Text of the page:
QUAERITUR: Altar girls dressed as clerics. What to say?

From a reader:

What would be a proper response to a priest who not only allows his female altar servers to wear the black cassock and white surplice, but also tells the parishioners that it is perfectly acceptable to do so?
It doesn’t seem right and I am uncomfortable telling my children that it is o.k when they have questioned it. This priest also feels that Exposition in front of the Blessed Sacrament is of no additional benefit, would not allow a display of Vatican approved Eucharistic Miracles because it encouraged the “superstitious”, and wants nothing to do with our Perpetual Eucharistic Adoration Chapel. Thank you for your help…..

What would be a proper response?

Wow. Ummmm….

How about:

I would prefer there there not be altar girls at all.  But if you are going to do this anyway, the least you could do is not dress them as if they were clerics, which they can never be.  Cassock and surplice are the choir dress of clerics.  Male servers at least have the potential to be clerics, whereas females never do.  Vesting females as if they were clerics sends the wrong signals.

Another response:

I am not going to give you any more of my money until you stop this.

Another response:

It has been nice knowing you.  Perhaps we shall meet again some day. I am moving to Lincoln, Nebraska.

One of the points made at the time of the (very bad) interpretation of CIC 1983 can.230 §2 was that the situation should be explained so that confusion could be avoided.  Avoiding confusion was, at the time and now, important.  Furthermore, the letter from the CDW said, that “the obligation to support groups of altar boys will always remain, not least of all due to the well known assistance that such programs have provided since time immemorial in encouraging future priestly vocations .”

Given the age of many servers, I don’t see how dressing the girls in the same manner as the boys does anything to encourage boys to serve.  There ought to be a distinction.

That said, if the pastor opens up to changing the vesture of the girls, then be prepared to cough up money to help it happen.  Church stuff isn’t free.

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  1. Will D. says:

    My parish splits the difference. The boys wear cassock and surplice, the girls, robes with cincture. I think Father would prefer to only have male altar servers, but he’s taking a brick-by-brick approach to “orthodoxificating” a parish that spent a lot of time in the wilds of the “spirit of Vatican II.”

  2. Samthe44 says:

    At my parish, all Altar Servers, both male and female, wear a white alb and cincture.

    @Will D.
    That is pretty cool idea. Hopefully we will go back to all-male Altar Servers, but until then, we need to go ‘brick-by-brick’.

  3. Yep, get rid of the altar girls altogether. Stop using little girls as pawns in the feminist agenda, creating unrealistic expectations and setting them up for disappointment. I think the whole (real) point of altar girls was ultimately to buffalo the Church into ordaining women. (Same with the artificial priest “shortages.” Liberals love a good priest shortage.)

  4. skull kid says:

    Girl altar boys should be safe, legal, and rare.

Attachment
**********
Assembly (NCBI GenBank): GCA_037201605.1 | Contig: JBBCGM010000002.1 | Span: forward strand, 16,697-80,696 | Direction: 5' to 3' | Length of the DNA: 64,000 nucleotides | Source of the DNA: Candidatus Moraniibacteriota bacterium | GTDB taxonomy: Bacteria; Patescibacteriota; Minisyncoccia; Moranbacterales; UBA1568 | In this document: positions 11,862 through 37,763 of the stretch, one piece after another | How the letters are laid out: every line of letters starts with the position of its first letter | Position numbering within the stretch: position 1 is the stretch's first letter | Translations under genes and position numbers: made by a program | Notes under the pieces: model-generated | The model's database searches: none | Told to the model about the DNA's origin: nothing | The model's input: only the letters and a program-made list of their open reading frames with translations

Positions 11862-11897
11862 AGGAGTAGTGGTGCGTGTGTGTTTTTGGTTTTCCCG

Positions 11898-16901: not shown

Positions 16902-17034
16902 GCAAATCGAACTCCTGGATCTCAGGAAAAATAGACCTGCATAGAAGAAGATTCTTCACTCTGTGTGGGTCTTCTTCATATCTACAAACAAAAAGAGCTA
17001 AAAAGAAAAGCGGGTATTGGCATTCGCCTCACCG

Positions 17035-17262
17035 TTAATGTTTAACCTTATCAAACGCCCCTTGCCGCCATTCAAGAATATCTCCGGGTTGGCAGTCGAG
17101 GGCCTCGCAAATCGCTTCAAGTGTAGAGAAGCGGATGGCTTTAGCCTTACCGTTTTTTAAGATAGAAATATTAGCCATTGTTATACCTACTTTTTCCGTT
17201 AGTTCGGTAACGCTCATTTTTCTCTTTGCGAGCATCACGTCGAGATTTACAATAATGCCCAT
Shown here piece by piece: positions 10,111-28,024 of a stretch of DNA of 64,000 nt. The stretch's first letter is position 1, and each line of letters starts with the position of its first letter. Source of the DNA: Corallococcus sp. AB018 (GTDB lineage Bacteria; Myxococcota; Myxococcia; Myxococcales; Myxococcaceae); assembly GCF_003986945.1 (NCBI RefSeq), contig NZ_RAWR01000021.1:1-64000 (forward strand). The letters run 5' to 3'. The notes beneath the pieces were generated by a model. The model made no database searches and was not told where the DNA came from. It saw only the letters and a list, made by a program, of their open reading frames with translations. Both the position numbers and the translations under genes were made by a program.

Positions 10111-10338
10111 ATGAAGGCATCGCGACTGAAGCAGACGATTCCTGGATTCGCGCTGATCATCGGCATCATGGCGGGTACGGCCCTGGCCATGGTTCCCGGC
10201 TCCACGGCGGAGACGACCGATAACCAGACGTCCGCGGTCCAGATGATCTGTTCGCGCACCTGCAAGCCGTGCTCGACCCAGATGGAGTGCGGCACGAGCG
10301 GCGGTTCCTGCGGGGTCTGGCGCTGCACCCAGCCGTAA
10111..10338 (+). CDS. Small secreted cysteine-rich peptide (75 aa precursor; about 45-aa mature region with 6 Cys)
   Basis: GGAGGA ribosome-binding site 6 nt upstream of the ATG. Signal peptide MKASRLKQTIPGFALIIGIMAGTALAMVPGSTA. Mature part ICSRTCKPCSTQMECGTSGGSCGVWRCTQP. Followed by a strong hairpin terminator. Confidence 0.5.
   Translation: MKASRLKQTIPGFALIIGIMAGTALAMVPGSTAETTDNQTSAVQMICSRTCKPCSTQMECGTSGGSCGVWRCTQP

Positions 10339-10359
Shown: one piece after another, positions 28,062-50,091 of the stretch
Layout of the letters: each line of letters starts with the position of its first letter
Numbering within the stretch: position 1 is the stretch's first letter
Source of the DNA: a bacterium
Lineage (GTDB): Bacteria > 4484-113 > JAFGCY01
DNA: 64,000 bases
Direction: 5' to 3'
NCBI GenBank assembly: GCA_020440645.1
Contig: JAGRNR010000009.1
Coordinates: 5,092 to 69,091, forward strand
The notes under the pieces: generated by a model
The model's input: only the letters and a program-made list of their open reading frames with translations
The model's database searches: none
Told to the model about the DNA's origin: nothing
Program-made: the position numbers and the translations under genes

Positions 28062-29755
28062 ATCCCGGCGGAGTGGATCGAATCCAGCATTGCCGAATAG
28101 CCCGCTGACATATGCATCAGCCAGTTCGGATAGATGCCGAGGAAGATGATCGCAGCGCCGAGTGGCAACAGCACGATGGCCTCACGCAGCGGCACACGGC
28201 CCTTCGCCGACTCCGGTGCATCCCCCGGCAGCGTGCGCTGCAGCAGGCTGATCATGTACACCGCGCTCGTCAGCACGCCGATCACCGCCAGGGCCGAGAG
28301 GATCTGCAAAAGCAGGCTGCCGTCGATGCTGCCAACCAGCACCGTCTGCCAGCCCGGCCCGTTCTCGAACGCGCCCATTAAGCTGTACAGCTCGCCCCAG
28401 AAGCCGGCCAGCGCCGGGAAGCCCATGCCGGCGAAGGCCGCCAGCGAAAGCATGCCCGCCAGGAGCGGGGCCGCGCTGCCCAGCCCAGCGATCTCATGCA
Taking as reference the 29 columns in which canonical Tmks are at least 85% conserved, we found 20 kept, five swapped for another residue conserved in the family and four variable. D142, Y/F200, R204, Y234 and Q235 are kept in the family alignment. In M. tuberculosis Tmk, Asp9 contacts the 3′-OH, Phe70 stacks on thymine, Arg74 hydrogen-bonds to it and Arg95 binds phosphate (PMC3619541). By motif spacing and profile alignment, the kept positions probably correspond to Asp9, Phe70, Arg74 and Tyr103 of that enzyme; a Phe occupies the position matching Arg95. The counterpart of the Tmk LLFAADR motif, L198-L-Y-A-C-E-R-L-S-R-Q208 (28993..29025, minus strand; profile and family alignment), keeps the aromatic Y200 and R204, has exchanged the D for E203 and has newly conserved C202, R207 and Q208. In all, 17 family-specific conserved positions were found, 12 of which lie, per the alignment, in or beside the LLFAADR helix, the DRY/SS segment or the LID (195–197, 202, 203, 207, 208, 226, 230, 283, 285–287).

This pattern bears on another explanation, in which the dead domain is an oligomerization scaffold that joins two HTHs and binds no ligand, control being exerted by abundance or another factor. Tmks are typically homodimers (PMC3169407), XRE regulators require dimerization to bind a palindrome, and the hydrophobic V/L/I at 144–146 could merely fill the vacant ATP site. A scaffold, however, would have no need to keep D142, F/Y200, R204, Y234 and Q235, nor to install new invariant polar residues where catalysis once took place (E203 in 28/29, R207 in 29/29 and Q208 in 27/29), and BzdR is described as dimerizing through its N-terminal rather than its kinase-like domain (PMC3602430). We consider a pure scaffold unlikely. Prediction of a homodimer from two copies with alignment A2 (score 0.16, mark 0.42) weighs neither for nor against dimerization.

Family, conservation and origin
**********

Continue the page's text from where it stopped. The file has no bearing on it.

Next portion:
5. Brian says:

    It bothers me more when seminarians or religious brothers wear collars or are allowed to preach.

  6. What should girls wear, then? They’re dressed in cassocks and surpluses at my parish too.

  7. Bryan Boyle says:

    @Skull kid: Bingo.

    As to what should they wear? If they have to be there at all in some misguided sense that service at the altar should be egalitarian…some shapeless, formless white alb. At the same time, they should be sent home when wearing jeans, sneakers, florescent flip-flops, or leopard-spotted stockings. As should any young men.

    Young men should be in cassock and surplice.

    But, that’s my paleoecclesial opinion…;)

  8. Tim Ferguson says:

    Not to be pedantic, but, like the parish priest in the query, I have some concerns of my own about “Exposition in front of the Blessed Sacrament”

  9. teaguytom says:

    The parishes that have allowed altar girls usually adopted the oversized alb look. Girls and boys will have these sloppy looking albs and sometimes wear wooden crosses like they are missionaries. The EF community I attend has boys in choir dress. It looks more Catholic.

  10. benedetta says:

    This “superstition” thing, it’s big where I am currently unfortunately. Like, it’s all myth and fable so why bother. I particularly enjoy prayers for our Catholic leadership who teaches and preaches this exact sentiment, whether through words, actions or both. Because I know, from experience that when Jesus is compartmentalized or minimized in exactly this way, He just comes back in the most surprising, pretty much, outrageous ways imaginable, in great ways. It’s really never on His terms, no matter what people might teach, preach or say. Some people love to be surprised. If you hate surprises then, best to go with Adoration and let Him lead the way, trust and permit the faithful to pray as needed and desired, then you can sleep more confidently knowing you’ve done your part. You can prevent people from coming to Adoration in the church, that certainly occurs (I am actually reading an account right now of some dark times when that was imposed) but guess what no leader will ever be able to stamp, snuff or prohibit. Or ignore or pretend something else. As a pastoral matter people need and desire to be able to pray in the church especially before the Blessed Sacrament. Instead of pretending that it’s superstition, make it readily available and then see what happens…what are they so afraid of anyway?